Mersana’s potential has increased during the past 15 months, in part. It’s because of three collaborations with GSK, Janssen, and Merck KGaA. The three transactions have a combined value of more than $3 billion.
The partnership with GSK was called into question in March. It happens after a patient in the first study of the two companies jointly developed drug, XMT-2056, experiences a fatality. It is a major adverse event thought to be related to the therapy.
It is unclear how UpRi’s two affected studies’ recruiting delays will influence Mersana’s clinical development plan and the funds needed to pay for it. At the end of March, the company stated it had approximately $280 million. It claimed it was enough to run through the second half of 2024.
In the first quarter of 2023, compared to the first quarter of 2022, Mersana reported a 32% rise in R&D spending. It was partly attributed to increasing staff size, manufacturing, and clinical costs.
Mersana reduces employment by half
The company specializing in antibody-drug conjugates was researching upifitamab silodosin in the UPLIFT trial. It included 268 patients with platinum-resistant ovarian cancer. One hundred forty-one of whom were NaPi2b-positive. However, according to Biotech, the drug’s overall response rate was only 13%. It is a tiny improvement above the 12% rate of chemotherapy alone.
Arvin Yang, M.D., chief medical officer of Mersana, stated in the statement,
“We are very disappointed that UPLIFT’s efficacy failed to replicate prior data from roughly 100 patients in the dose expansion stage of our phase 1b clinical trial. The response lasted longer than during the phase 1b clinical study for UpRi’s dose escalation. Yet, the primary endpoint lower bound of the confidence interval fell short of our aim. It excludes the 12% rate found with standard-of-care single-agent chemotherapy.”
(Note: Upifitamab Rilsodotin (UpRi) is a first-in-class Dolaflexin ADC that targets NaPi2b. It is a sodium-dependent phosphate transporter with minimal expression in healthy tissues. They have widespread expression in high-grade serous epithelial ovarian, fallopian tube, and primary peritoneal cancers.)
Upifitamab rilsodotin already had a cloud over it. AFTER RECEIVING THE COMPANY’S EVALUATION, the FDA partially halted two of its trials in July. As mentioned, it involves “serious incidents of bleeding that seem to occur at higher rates than background.”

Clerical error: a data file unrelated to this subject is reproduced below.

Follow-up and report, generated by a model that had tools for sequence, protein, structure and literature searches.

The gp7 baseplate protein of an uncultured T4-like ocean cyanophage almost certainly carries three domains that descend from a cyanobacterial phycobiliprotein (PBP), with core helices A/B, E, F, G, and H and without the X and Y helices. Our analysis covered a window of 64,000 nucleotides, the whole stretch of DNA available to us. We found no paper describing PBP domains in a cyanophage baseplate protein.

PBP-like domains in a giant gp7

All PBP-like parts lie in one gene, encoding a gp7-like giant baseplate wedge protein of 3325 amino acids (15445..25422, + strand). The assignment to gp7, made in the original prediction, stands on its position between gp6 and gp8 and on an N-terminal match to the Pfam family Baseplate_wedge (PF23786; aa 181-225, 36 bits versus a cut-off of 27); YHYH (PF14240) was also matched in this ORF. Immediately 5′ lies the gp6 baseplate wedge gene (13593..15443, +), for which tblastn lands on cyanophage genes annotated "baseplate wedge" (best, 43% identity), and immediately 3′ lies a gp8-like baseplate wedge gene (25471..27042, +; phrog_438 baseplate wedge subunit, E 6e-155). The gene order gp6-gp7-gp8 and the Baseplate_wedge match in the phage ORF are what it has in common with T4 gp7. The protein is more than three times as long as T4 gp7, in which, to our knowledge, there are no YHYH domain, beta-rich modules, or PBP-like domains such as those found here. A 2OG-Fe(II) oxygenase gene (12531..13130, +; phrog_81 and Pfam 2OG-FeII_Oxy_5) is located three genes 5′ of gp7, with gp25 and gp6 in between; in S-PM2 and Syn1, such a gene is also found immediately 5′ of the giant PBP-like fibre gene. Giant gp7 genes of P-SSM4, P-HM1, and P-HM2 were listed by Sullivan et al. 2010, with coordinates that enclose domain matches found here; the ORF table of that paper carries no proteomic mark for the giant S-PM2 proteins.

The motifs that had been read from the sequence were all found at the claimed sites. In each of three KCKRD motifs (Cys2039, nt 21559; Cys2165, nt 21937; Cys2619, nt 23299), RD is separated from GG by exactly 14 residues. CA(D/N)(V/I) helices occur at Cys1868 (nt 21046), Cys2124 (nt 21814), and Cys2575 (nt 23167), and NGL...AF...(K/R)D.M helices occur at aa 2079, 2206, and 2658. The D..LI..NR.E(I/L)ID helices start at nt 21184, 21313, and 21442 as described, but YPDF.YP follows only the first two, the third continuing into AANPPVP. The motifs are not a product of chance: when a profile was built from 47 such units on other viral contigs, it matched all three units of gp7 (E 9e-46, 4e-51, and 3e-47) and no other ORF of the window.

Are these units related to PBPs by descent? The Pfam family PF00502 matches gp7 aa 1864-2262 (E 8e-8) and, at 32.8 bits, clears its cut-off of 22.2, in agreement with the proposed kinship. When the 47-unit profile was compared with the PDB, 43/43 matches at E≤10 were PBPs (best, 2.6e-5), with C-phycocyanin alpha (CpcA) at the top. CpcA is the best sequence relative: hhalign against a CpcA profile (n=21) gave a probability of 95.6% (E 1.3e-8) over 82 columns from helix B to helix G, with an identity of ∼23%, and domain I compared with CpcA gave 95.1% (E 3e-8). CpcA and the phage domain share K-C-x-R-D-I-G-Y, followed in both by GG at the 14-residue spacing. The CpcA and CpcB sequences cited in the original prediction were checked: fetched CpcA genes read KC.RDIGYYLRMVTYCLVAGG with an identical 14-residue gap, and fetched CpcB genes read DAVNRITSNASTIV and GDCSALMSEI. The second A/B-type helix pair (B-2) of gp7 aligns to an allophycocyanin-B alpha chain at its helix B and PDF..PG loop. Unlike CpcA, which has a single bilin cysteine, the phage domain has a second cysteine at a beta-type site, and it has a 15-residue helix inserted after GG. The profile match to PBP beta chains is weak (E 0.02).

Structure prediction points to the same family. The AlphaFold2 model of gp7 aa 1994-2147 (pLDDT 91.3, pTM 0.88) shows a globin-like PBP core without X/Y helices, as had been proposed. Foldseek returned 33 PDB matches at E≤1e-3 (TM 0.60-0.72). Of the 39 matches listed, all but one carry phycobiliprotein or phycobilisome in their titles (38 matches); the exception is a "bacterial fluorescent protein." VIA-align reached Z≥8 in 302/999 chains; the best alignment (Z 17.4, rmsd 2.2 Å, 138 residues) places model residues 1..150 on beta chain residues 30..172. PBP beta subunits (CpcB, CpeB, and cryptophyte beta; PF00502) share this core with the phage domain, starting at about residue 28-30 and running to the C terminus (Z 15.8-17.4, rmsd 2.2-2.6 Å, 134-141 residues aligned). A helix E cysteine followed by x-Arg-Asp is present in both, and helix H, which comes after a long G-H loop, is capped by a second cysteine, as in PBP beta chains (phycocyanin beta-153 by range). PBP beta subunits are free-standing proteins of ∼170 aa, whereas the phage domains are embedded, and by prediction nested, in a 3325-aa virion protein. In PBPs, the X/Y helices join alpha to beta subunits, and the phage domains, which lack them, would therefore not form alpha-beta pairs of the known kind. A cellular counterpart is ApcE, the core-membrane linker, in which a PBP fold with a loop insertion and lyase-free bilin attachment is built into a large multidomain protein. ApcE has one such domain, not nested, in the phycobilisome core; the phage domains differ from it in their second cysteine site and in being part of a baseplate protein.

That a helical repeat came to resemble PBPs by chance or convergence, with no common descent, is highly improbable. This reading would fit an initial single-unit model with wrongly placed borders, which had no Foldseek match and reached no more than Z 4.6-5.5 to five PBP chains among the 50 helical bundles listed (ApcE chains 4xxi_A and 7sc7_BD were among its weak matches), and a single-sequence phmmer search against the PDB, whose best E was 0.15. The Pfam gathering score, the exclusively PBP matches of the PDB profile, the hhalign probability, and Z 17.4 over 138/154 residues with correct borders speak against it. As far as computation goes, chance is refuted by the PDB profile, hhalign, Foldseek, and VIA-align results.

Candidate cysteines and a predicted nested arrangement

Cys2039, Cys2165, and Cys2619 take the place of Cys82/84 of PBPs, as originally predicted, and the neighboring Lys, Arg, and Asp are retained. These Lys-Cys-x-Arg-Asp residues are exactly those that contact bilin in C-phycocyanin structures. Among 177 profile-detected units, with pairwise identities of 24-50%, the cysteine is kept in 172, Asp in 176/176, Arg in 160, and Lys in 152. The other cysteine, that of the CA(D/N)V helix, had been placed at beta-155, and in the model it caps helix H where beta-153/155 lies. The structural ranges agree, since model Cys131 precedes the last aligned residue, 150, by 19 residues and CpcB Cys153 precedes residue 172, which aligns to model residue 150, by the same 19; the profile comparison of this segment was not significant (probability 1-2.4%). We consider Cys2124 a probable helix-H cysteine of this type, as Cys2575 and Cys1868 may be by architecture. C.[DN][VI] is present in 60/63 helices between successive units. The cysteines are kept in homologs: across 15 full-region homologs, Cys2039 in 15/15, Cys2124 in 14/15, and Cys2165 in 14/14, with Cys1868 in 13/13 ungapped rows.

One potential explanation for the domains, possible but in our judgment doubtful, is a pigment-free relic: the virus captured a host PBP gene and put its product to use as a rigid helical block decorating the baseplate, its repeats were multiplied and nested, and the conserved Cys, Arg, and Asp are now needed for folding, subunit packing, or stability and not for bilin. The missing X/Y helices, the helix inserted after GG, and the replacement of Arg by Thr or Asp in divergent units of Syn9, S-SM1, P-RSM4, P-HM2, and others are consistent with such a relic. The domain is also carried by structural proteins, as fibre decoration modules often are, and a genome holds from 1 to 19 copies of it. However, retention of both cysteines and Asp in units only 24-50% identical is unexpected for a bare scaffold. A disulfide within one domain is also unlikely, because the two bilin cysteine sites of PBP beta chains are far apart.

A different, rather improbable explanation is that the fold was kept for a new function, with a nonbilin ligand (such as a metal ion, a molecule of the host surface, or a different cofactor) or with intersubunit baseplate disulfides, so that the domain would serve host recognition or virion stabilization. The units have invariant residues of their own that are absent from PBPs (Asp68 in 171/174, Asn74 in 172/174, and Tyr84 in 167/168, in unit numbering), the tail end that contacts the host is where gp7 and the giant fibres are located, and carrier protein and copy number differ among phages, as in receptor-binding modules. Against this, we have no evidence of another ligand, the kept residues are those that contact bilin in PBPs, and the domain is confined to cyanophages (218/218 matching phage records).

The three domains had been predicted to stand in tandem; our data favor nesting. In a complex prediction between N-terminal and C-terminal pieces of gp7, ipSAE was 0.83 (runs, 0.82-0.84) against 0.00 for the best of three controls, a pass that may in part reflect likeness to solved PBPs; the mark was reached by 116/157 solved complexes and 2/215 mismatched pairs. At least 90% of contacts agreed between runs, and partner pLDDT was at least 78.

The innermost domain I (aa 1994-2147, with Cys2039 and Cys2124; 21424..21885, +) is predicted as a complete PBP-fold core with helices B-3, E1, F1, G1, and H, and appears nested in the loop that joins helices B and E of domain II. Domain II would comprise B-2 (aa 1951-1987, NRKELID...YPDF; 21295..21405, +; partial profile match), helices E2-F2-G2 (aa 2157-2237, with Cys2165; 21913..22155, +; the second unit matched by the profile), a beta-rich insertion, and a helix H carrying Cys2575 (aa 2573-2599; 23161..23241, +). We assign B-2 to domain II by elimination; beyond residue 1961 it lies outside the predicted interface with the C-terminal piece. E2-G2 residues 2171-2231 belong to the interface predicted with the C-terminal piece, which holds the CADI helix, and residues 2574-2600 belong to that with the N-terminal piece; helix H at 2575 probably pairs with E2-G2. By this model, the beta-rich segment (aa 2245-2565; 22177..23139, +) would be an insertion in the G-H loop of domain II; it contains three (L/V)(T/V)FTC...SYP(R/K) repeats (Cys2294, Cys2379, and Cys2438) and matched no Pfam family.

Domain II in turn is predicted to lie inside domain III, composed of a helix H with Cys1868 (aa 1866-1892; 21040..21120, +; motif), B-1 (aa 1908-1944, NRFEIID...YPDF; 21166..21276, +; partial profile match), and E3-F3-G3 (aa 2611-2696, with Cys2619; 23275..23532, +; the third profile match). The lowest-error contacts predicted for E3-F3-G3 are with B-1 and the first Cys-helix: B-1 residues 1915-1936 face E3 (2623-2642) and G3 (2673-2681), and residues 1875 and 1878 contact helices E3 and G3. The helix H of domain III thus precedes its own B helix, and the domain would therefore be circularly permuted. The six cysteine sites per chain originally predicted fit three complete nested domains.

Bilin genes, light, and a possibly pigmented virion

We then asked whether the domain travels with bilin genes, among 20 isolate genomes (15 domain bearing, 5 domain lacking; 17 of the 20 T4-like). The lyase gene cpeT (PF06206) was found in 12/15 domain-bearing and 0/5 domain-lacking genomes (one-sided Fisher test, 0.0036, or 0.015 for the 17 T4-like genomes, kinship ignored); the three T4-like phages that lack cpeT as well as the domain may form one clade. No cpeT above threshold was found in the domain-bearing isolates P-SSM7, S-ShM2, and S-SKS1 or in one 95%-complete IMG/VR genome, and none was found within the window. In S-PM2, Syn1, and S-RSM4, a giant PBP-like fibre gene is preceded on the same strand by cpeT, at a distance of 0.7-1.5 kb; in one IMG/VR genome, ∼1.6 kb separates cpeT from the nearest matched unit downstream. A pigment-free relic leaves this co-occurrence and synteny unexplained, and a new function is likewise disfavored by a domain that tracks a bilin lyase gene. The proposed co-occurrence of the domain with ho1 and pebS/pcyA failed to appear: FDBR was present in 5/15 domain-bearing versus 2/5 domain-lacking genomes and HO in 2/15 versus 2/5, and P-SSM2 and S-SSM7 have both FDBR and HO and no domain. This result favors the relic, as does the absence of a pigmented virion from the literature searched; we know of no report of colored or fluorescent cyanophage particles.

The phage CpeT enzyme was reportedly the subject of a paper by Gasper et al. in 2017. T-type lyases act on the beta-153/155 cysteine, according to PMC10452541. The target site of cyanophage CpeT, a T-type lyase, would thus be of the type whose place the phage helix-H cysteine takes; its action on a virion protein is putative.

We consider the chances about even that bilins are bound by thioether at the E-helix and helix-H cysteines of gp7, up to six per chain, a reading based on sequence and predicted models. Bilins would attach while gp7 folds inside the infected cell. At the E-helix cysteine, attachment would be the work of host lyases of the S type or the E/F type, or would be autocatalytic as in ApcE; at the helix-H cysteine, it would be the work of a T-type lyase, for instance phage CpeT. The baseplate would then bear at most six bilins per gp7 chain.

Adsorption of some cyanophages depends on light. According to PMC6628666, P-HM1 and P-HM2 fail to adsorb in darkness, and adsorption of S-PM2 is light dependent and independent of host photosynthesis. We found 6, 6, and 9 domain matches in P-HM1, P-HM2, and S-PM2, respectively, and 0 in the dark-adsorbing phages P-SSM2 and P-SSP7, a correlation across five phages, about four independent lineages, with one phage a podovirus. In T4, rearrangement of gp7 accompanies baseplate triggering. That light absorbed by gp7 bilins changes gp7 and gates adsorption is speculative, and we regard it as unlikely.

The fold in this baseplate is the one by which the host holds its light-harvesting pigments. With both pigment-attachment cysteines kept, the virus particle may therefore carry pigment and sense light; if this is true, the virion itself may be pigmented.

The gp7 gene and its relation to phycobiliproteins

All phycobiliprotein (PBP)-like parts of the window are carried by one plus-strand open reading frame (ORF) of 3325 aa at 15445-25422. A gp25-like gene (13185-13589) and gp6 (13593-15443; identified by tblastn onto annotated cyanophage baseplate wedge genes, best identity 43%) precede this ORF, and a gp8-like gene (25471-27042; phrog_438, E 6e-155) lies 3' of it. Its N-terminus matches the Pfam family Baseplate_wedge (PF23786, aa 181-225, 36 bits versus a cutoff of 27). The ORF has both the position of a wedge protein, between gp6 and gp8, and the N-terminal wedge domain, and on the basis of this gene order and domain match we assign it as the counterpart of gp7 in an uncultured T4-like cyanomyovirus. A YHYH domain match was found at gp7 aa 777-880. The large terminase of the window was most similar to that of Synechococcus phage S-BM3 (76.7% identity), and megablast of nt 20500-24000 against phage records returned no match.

The UPLIFT results were expected to provide greater insight into the safety profile of the ADC. But instead, the data effectively put a halt to the program.
Mersana is discontinuing the medication and refocusing on its platforms for dolasynthene and immunosynthene. The previous platform created the ADC XMT-1660, intended to target B7-H4. A phase 1 trial for solid tumors is currently in the dose-escalation phase of the study. CEO Anna Protopapas said it will begin with a dose expansion portion next year.
The same platform’s production of the HER2 epitope XMT-2056 has experienced its problems. The FDA imposed a partial clinical hold on the ADC in March after a patient experienced a fatal major adverse event that was thought to be related to the drug. For that, GSK paid $100 million for the license option in 2022.
Following the most recent setback for the business’ pipeline prospects, Protopapas stated that Mersana is now “taking aggressive steps. This is to broaden our cash runway. Also, we need to ensure that we have the resources to assess the clinical potential of our next-generation ADC product candidates.
The CEO remarked, “Unfortunately, this requires cutting our employees by almost 50%. Due to this strategic reprioritization, a very vibrant group of individuals who contributed to the development of Mersana will be leaving the company.”
According to Worker Adjustment and Retraining Notification (WARN) Notices, the number of employees affected at Mersana Therapeutics, Inc. was 124. The notice date was Jul. 27, 2023, and the layoff date was Aug. 15, 2023.
Unsurprisingly, investors seemed eager to separate themselves from the company. It was evidenced by the stock’s 75% decline to just 92 cents per share in the first hour of trade from its Jul. 26 close of $3.92.
The corporation does have some cash on hand. It has $286.6 million in cash and equivalents expected to last until 2026.